Read: HIPPOCRATES‘ OATH AND LAW Vol. 38, pp. 3-5
17 Reason His Only Religion
The religion of Thomas Browne – a liberal man in a most intolerant time – was not taken from either Rome or Geneva, but from his own reason.
(Browne visited by Evelyn of “Evelyn Diary,” Oct. 17, 1671.)
Read from Browne‘s RELIGIO MEDICI Vol. 3, pp. 253–265
18 “If Winter Comes”
From the title of a recently popular novel, we know that one prominent fiction writer of to-day was inspired by the verses of Shelley. Many others have also felt the stirring vigor of his poetry. What is your reaction?
Read: SHELLEY‘S POEMS Vol. 41, pp. 829–835
19 Virtue in Smiles
Weep if you must. It is far better than to repress your tears. But Leigh Hunt finds greater virtue in cheerfulness. Fanciful and graceful – his writings exerted a wholesome influence on all nineteenth century journalism.
(James Henry Leigh Hunt born Oct. 19, 1784.)
Read: Hunt‘s ESSAYS Vol. 27, pp. 285–295
20 Odysseus Adrift on a Raft
The gods met in council and decreed that Odysseus be set adrift. Poseidon, God of the Sea, shattered the raft and Odysseus was cast ashore to encounter further adventures.
Read from Homer‘s ODYSSEUS Vol. 22, pp. 68-80
21 No Fault to Find with Old Age
Cicero agrees with Browning that old age is the golden time of life, when the fruits of a well-spent life are harvested. Cicero, the wise Roman, welcomed old age for its gifts: wisdom, sound judgment, and contentment.
Read from Cicero‘s ON OLD AGE Vol. 9, pp. 45–56
22 Swift’s Love Problems
Swift was embarrassed by two women; Stella, whom he really loved, and Vanessa, with whom he had flirted and who had taken him seriously. Marriage to either one would break the heart of the other.
Read from Thackeray‘s JONATHAN SWIFT Vol. 28, pp. 23-28
23 When Cæsar Turned the Tables
When only a boy, Cæsar was captured by pirates. While awaiting ransom he entered into every sport and game with them. Once freed, he quickly returned with forces that captured the outlaws. Then he took deliberate revenge.
Read from Plutarch‘s CÆSAR Vol. 12, pp. 264–273
24 Clytemnestra Meets Her Rival
Cassandra knew through a prophetic vision that a sword would pierce her heart. Agamemnon, her captor, took her to his home where an avenging wife, Clytemnestra, awaited. The tragedies of the doom that requited the sins of the House of Atreus are among the most powerful ever written.
Read from Æschylus‘ AGAMEMNON Vol. 8, pp. 52–64
25 It Greatly Encouraged Intrigue
After the publication of Machiavelli’s “The Prince,” the Sultans became more addicted to strangling their brothers, tyrants became more merciless, and murderous plots increased. The influence of that book, as Macaulay points out, spread over Europe and Asia.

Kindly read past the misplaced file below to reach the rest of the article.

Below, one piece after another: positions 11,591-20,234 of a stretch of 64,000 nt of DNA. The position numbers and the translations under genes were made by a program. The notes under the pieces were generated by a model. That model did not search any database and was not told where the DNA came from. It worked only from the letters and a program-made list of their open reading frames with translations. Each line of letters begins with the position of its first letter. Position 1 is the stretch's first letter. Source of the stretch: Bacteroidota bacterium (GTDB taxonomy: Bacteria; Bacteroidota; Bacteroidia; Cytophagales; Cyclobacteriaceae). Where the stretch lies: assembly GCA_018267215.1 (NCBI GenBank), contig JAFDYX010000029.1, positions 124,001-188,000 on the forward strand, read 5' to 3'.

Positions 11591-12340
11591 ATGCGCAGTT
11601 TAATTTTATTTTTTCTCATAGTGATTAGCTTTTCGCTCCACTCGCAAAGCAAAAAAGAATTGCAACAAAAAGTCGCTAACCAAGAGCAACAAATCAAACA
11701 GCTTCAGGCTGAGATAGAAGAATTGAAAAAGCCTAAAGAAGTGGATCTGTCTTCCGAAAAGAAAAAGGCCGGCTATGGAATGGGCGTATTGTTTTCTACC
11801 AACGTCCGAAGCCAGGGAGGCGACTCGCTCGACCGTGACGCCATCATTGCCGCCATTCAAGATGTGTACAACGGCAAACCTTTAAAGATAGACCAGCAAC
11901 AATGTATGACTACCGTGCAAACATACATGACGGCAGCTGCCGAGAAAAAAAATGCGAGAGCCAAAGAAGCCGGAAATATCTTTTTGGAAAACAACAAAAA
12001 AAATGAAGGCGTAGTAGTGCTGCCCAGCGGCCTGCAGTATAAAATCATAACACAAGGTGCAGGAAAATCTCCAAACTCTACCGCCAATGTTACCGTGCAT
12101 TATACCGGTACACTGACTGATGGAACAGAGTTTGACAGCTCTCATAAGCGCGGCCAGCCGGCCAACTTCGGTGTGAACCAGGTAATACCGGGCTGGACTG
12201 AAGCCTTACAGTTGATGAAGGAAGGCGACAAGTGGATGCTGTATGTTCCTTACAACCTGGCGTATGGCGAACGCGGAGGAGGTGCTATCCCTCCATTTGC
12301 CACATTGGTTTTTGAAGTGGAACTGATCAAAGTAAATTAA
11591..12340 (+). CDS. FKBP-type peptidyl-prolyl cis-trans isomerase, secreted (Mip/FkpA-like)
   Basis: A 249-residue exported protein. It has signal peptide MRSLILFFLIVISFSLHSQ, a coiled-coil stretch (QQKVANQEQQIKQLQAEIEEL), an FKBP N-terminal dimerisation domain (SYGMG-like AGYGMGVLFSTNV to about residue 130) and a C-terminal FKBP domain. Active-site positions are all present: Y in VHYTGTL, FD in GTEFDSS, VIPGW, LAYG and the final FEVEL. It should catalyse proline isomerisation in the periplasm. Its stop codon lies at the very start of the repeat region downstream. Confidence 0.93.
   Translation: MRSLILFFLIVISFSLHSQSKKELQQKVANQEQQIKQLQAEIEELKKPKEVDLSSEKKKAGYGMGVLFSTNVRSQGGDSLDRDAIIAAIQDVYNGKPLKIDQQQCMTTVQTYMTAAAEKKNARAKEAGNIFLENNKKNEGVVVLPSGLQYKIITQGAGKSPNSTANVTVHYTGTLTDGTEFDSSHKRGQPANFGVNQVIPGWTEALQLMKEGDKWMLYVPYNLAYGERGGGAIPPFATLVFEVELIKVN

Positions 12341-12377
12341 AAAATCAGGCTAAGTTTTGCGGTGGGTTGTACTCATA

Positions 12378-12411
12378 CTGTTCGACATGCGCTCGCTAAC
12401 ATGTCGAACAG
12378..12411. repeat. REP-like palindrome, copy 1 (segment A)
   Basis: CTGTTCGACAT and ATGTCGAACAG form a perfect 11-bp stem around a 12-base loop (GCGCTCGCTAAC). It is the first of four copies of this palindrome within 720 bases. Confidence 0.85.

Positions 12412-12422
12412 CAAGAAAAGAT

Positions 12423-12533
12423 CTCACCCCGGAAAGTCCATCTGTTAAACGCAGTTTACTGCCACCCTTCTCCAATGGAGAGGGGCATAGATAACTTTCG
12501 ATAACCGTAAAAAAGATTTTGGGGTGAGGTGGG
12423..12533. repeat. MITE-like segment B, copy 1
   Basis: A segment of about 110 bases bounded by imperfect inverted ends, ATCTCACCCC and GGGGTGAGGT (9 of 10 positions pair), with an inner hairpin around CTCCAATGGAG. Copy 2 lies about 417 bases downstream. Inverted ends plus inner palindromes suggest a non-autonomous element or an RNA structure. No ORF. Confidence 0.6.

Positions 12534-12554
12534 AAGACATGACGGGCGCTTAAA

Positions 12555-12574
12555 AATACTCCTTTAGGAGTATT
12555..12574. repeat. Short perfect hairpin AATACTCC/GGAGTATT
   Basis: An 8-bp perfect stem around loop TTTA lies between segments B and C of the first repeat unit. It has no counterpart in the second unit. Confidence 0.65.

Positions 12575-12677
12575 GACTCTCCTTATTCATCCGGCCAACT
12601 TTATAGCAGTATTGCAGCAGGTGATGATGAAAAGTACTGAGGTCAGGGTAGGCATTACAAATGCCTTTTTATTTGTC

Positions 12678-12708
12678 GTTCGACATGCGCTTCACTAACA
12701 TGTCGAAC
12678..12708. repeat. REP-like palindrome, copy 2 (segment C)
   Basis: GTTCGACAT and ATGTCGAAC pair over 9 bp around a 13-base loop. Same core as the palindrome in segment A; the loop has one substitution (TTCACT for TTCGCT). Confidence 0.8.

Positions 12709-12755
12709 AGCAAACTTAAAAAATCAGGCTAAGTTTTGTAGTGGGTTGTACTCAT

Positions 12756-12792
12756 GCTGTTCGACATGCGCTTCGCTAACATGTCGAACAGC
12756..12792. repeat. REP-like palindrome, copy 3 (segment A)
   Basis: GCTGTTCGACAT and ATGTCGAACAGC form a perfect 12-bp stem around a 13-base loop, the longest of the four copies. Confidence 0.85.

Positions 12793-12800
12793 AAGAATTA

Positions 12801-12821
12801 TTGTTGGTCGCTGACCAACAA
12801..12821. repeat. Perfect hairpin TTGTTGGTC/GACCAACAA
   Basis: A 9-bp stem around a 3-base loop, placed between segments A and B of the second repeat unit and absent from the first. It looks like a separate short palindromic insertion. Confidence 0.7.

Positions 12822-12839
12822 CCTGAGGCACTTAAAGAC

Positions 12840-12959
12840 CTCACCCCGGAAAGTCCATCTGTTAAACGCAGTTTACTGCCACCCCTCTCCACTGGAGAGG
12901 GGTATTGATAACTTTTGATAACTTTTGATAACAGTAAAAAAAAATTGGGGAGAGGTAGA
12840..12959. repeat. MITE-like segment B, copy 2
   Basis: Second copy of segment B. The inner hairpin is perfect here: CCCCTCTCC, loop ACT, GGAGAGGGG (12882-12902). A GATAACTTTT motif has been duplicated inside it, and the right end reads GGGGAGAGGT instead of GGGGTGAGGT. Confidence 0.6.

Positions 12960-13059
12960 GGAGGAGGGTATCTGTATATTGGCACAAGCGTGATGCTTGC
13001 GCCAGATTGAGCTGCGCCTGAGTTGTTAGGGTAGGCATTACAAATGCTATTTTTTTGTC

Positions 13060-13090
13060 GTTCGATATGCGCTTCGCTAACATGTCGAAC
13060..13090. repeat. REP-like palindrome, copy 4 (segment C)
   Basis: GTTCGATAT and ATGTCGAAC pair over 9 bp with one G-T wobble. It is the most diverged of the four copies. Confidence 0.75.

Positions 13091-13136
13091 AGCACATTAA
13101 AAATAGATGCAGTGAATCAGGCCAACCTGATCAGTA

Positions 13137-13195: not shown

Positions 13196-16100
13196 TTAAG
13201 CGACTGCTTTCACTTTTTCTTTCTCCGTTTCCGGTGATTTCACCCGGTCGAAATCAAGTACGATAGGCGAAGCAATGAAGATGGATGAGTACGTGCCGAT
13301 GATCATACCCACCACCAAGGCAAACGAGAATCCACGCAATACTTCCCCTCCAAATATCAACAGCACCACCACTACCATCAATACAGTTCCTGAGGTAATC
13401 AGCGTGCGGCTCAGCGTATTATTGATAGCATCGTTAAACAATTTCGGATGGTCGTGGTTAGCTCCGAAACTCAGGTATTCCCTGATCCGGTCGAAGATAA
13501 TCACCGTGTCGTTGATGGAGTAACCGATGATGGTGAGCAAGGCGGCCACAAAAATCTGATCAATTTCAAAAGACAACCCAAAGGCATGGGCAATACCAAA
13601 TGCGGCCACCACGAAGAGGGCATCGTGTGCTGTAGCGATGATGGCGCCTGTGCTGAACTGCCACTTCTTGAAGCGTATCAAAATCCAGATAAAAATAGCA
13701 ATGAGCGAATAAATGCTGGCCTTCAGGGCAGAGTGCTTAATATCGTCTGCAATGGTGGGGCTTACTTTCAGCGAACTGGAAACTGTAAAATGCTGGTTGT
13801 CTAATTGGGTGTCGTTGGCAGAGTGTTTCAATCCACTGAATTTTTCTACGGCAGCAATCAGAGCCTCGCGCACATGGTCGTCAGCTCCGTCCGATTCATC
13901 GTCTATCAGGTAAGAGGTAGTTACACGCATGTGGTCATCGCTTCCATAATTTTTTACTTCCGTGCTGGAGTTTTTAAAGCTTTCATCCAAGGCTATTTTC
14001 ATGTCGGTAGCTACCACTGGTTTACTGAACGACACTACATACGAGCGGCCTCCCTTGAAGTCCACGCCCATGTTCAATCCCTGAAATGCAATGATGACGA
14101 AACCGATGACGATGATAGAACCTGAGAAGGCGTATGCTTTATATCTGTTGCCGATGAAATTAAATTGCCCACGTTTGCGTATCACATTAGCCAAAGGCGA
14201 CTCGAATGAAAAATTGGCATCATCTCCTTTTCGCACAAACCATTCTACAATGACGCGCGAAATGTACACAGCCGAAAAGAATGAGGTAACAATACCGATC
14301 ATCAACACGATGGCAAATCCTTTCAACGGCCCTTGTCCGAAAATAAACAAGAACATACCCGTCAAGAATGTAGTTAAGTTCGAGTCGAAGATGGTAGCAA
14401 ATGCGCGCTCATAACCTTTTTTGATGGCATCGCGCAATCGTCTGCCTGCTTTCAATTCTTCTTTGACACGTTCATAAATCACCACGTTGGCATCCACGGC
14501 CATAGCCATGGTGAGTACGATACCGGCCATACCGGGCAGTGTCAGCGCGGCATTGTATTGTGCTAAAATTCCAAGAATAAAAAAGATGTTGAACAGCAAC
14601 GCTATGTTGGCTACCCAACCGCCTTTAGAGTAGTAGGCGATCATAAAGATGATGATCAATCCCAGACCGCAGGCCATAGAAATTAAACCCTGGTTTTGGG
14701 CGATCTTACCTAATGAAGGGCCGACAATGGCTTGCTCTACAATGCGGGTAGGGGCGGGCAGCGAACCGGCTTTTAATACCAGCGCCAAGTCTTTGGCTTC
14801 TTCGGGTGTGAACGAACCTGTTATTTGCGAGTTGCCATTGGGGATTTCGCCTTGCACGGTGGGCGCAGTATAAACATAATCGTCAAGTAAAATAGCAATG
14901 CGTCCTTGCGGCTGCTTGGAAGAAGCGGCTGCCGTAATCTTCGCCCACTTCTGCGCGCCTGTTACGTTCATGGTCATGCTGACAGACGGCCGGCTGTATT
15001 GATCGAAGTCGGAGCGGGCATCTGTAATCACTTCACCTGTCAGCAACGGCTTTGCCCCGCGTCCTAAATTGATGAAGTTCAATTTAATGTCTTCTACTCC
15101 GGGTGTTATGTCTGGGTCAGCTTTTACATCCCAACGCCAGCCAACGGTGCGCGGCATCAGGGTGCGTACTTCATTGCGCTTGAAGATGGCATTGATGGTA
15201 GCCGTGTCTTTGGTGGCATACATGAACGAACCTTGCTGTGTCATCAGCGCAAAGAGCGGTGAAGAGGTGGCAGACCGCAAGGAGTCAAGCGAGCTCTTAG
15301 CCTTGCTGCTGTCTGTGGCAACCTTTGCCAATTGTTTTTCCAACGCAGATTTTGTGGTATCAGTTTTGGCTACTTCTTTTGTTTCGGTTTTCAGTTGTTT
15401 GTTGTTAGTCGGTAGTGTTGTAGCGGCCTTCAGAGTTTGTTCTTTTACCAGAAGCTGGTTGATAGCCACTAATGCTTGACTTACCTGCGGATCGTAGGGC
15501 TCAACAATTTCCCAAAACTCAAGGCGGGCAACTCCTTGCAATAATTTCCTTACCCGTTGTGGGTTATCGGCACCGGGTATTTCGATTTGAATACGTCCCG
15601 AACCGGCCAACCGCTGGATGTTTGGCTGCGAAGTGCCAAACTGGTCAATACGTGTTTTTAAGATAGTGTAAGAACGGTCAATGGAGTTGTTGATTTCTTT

(Thomas Babington Lord Macaulay born Oct. 25, 1800.)
Read from Macaulay‘s MACHIAVELLI Vol. 27, pp. 363–372
26 Franklin Learned the Secret
Poor at twenty, rich at forty, internationally famous at fifty. Benjamin Franklin once walked the streets of Philadelphia alone, poor, and with no education. Yet he rose to be a leader because he learned the secret of careful reading.
(Franklin made U. S. plenipotentiary in France, Aug. 26, 1778.)
Read from Franklin‘s AUTOBIOGRAPHY Vol. 1, pp. 14–21
27 Fruit of Seven Years’ Silence
Siddhartha Gautama, who became the god Buddha, renounced the world and spent seven years in meditation. Then one day, while sitting under a fig tree, he became inspired with exalted and sublime conceptions of life and death. The rest of his life was spent in teaching and converting mankind.
Read from BUDDHIST WRITINGS Vol. 45, pp. 661–674
Locke taught children by means of games. He tells of a game whereby children were taught to spell with dice on which the letters of the alphabet were pasted. This was more than 200 years before modern kindergarten methods. Today’s children would respond to such wise direction as Locke recommends.
(John Locke died Oct. 28, 1704.)
Read: SOME THOUGHTS CONCERNING EDUCATION Vol. 37, pp. 128–136
29 Genius Rises from a Stable
(John Keats born Oct. 29, 1795.)
Though the son of a stable man, John Keats wrote the most exquisite and sublime poetry in our language. He was the friend of Shelley, Lord Byron, and the other literary leaders of the time – his genius recognized by all.
Read: KEATS‘ POEMS Vol. 41, pp. 874–882
30 Geology’s Greatest Benefactor
Lyell has been called the founder of modern geology. Darwin, the master scientist, called him “Geology’s Greatest Benefactor.” Lyell’s research revolutionized ideas on that subject.
Read from Lyell‘s THE PROGRESS OF GEOLOGY Vol. 38, pp. 385–391
31 Witches Walk To-night
(All Hallows’ Eve.)
Beware of magic! Once a year uneasy spirits are released and walk the earth from midnight until dawn. Spooks and goblins invade the most secure homes and the canniest must watch out for danger lurking in every dark corner.
Read from BURNS‘ POEMS Vol. 6, pp. 110-119